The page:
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Entries Tagged as 'Storytelling'

What Josh Groban can teach us about marketing

November 7th, 2011 · Marketing, Passion, Storytelling

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Josh Groban, the master marketer

If you also follow me on Twitter or Facebook — odds are you know that I have an 18 year old daughter who loves Josh Groban and his music.

This past summer was all about Josh for the McLellans.  We saw his concert in 3 different states, culminating in front row seats, backstage passes (see the picture of my daughter and Josh) and him wearing a t-shirt that she gave him on stage during the encore.

I tell you all of this because as we’ve done our family Josh Groban deep dive, I couldn’t help but notice something:

Josh Groban is a brilliant marketer.

You may not like his music (seriously, what’s not to like?) but you can take emulate his marketing prowess, no matter what you sell.

He has build a solid marketing foundation: Josh has all the usual things you’d expect a singing sensation to have these days.  A robust website, an active fan club, lots of Josh Groban personalized items (Yes, we do have a pair of Josh Groban flip flops at our house), and plenty of ticket giveaways on radio stations etc.

Lesson for us: While the marketing foundation might not be sexy — it’s necessary.  You can’t start off in the middle.  Build a rock solid foundation and then grow from there.

He gives his best customers exclusive content/access: He gives fan club members exclusive access to front row seats.  He also offers $25 tickets for all students at every show, which is not advertising anywhere but on his fan page.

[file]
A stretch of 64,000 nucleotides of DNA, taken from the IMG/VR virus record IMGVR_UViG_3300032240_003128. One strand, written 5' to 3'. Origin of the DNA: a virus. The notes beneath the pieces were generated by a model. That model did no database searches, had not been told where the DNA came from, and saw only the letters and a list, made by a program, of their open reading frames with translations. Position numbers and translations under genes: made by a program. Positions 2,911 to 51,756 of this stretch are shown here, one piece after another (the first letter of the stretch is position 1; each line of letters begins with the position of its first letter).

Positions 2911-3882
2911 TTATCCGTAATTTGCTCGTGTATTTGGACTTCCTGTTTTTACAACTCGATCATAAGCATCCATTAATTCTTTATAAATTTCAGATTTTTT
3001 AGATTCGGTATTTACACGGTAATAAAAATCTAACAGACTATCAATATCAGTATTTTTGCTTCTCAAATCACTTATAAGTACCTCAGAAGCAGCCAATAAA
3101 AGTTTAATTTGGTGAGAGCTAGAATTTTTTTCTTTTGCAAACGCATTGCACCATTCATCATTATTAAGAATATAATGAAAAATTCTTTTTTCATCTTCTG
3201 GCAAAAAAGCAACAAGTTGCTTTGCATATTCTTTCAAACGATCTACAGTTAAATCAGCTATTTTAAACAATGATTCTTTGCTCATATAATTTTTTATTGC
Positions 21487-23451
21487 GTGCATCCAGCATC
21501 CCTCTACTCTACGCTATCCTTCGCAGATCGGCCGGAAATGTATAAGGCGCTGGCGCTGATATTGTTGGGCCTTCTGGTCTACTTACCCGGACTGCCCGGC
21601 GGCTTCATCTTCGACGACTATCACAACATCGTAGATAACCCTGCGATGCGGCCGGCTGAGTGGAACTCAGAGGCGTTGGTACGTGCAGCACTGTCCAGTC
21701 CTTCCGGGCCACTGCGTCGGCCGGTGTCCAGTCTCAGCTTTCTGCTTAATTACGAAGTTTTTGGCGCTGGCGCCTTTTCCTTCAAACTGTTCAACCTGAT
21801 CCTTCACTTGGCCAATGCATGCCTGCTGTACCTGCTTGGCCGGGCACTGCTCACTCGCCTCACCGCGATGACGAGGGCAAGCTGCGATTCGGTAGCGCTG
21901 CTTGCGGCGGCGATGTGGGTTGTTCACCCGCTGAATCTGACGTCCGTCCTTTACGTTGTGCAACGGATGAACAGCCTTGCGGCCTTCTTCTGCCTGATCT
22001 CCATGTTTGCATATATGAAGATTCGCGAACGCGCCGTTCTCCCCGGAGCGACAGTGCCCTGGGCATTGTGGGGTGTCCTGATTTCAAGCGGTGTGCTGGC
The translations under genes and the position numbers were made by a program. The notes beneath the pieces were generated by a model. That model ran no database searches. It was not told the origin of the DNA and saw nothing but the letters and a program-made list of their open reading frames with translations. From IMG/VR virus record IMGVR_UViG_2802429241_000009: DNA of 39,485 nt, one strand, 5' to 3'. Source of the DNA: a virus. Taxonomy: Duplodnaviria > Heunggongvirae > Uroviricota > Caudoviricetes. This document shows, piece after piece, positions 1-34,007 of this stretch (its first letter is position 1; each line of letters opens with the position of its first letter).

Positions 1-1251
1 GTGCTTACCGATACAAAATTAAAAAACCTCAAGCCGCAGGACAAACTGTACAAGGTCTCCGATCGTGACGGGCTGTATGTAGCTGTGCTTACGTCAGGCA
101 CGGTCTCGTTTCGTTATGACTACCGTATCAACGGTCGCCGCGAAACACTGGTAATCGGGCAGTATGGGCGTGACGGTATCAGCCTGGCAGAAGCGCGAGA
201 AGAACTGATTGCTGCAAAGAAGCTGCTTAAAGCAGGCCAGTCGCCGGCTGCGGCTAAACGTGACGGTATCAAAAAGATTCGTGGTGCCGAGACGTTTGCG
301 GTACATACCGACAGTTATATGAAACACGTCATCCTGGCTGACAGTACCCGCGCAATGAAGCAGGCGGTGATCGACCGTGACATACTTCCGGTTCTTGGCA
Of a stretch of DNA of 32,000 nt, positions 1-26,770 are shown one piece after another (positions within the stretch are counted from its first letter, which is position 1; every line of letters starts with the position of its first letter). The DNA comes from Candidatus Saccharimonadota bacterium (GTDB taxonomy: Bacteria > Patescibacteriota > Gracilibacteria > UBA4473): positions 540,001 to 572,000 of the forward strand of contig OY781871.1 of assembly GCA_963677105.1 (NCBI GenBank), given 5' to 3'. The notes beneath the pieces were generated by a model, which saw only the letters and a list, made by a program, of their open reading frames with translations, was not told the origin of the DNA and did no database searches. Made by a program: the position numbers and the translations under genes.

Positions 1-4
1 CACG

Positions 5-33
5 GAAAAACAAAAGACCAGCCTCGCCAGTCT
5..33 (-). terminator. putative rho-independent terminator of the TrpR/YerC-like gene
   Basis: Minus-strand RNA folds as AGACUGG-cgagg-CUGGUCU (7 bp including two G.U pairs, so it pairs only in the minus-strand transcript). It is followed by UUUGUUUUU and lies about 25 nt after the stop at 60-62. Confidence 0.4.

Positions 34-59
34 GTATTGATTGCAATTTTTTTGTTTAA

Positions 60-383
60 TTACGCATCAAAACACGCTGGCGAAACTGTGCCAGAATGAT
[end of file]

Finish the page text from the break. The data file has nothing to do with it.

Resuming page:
For every concert, he selects one local fan club member to be his “road reporter.”  That person gets back stage passes, a press pass (to sit with the media during the concert and have special photo taking opportunities) and gets to write a review of the concert — which is posted on Josh’s website.  As you can imagine…every road reporter includes the photo of themselves with Josh.  Do you think that drives some traffic to the page?

Lessons for us: Rewarding your best customers transforms them into fans.  Fans who brag and spread the word.   That’s marketing you can’t buy, but you sure can influence and encourage.

He uses social media to be a real human being, not a robot: His tweets are his own and often, not about his music or singing.  (One that amused me was when he was trying to imitate the sound of a train)   He hosts webinar/chats with his fan club members and he really does just hang out and talk with them.

He does some crazy stuff on YouTube like this cooking show video.  He also did a couple where he interviews himself.  He’s goofy.  Which makes him very real and very likable.

Lessons for us: I don’t care if you’re a huge brand like Nike or a local shopkeeper — people want you to be real.  They want to like you.  But they can’t do that if you hide behind corporate speak or “official statements.”

He shows his heart: Josh launched a foundation years ago, but really has sharpened the focus of it to raise money for arts organizations for kids.  It might be a youth symphony, buying instruments for a disadvantaged elementary school or a theatre camp.  At every concert, he talks about his Find Your Light Foundation, offers his fans a chance to text in a donation and introduces a group of kids from that local city who are benefiting from those donations.  It’s all very nicely handled.

Lessons for us: Your customers want to know that you stand for something.  And if you truly show them your heart, they’ll join you in the fight.  Look at what Avon has done for breast cancer.  That’s not the company doing it — it’s their loyal customers.  Who are even more loyal because they share a passion now.

Bottom line — if a 30+ year old singer can launch a marketing tsunami mostly through gile and technology — so can you.  What Josh reminds us is — if it’s real, people gravitate towards it.